extExpected 24 hour snow totals across the U.S.Over the next 24 hours the concentration of snow will be in the Pacific Northwest into Washington and Idaho mainly… some areas in Colorado will pick up a bit of snow along with the midwest and Northeast. None of these look like major storms, so delays for airports will probably be mainly around increased traffic.

If you’re driving in and around these areas, be prepared for winter driving conditions. Take it slow and be safe!

Next Week… Major Storm?

500 mb upper air GFS Model for next week

Models are keying in on a potentially large and powerful storm system that would affect the western and central US next week. We won’t go into too many details on this just yet because we don’t have enough information to nail down anything too accurate.

Here’s what you need to know for now:

We will begin to actively monitor this storm and post about it starting sometime on Sunday. We will be watching this very closely as it has the POTENTIAL for a big impact on Colorado. For now, don’t be worried too much about it but keep an eye on reliable weather resources through next week.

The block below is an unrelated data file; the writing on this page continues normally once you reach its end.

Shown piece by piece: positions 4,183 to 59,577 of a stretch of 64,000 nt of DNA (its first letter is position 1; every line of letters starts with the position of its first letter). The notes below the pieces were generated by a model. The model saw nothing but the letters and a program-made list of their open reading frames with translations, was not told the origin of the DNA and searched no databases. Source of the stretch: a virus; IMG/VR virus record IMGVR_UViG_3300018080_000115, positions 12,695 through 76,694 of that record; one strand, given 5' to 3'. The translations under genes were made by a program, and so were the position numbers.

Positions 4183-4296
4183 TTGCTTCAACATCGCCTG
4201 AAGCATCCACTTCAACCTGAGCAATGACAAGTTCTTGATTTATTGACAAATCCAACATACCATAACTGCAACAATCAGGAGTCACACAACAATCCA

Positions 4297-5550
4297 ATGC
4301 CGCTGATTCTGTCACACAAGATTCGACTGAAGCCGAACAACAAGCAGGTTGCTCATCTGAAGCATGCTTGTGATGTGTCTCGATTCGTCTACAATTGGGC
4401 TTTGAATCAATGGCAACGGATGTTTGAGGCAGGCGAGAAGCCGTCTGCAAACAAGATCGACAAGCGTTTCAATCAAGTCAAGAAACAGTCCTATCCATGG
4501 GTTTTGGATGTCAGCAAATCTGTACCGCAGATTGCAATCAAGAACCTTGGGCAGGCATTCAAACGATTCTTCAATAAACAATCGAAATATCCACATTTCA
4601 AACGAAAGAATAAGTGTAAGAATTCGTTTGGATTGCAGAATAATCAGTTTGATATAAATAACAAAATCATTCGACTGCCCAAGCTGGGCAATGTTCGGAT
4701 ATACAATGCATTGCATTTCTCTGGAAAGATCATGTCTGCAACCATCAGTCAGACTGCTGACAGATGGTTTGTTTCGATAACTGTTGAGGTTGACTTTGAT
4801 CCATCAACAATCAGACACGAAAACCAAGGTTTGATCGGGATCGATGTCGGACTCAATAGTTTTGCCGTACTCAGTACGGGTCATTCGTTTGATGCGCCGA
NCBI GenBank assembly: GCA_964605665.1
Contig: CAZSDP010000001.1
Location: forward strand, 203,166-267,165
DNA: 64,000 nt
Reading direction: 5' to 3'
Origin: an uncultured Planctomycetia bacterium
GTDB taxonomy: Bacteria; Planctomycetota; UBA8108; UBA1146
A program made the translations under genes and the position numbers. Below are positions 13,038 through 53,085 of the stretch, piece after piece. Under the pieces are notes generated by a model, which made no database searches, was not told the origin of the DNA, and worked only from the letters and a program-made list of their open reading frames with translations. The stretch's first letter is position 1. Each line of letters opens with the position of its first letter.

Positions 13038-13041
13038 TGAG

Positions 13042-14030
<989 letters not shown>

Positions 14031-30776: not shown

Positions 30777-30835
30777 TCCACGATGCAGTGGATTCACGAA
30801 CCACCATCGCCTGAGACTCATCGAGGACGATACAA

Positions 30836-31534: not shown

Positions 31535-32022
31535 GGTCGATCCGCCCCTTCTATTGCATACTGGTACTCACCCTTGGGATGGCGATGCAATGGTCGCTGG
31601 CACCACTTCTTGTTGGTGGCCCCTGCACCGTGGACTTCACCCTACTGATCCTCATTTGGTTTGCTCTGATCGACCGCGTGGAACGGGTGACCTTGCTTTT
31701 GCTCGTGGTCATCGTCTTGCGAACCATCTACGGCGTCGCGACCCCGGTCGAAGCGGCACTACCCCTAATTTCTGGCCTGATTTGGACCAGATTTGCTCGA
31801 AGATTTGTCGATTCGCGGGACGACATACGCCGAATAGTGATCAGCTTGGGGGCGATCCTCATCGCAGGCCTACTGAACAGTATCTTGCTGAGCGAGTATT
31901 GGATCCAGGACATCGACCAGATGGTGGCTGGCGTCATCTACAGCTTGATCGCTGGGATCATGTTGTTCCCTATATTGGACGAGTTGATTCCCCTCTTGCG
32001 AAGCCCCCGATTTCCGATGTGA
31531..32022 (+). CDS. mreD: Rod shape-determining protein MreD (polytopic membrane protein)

Chilly, snowy at Castle Rock Starlighting 2018!

Castle Rock’s Biggest Event of the Year!

If you’re new to Castle Rock or a seasoned veteran of the town, the Starlighting put on by the Castle Rock Chamber of Commerce is definitely an event not to be missed!

The the festivities run from 2PM-7P with the Starlighting Ceremony kicking off promptly at 5PM. Be sure to get there early to enjoy the vendors, food trucks and visit some of the small businesses in the area that often have hot cocoa!

Map for Castle Rock Starlighting 2018

The Weather

As is often the case with Starlighting, it looks chilly this year so be sure to be prepared for that! There is also a good possibility of snow showers on and off through the afternoon and into the evening hours. Doesn’t look like a major storm by any means, mainly the travel impacts we expect are from icy conditions on roads and sidewalks early in the day Saturday and then again into the evening hours.

Let’s look at some models real quick!

Modeled Precipitation


Saturday 1PM precipitation in the area

Saturday 3PM precipitation in the area


Saturday 6PM precipitation in the area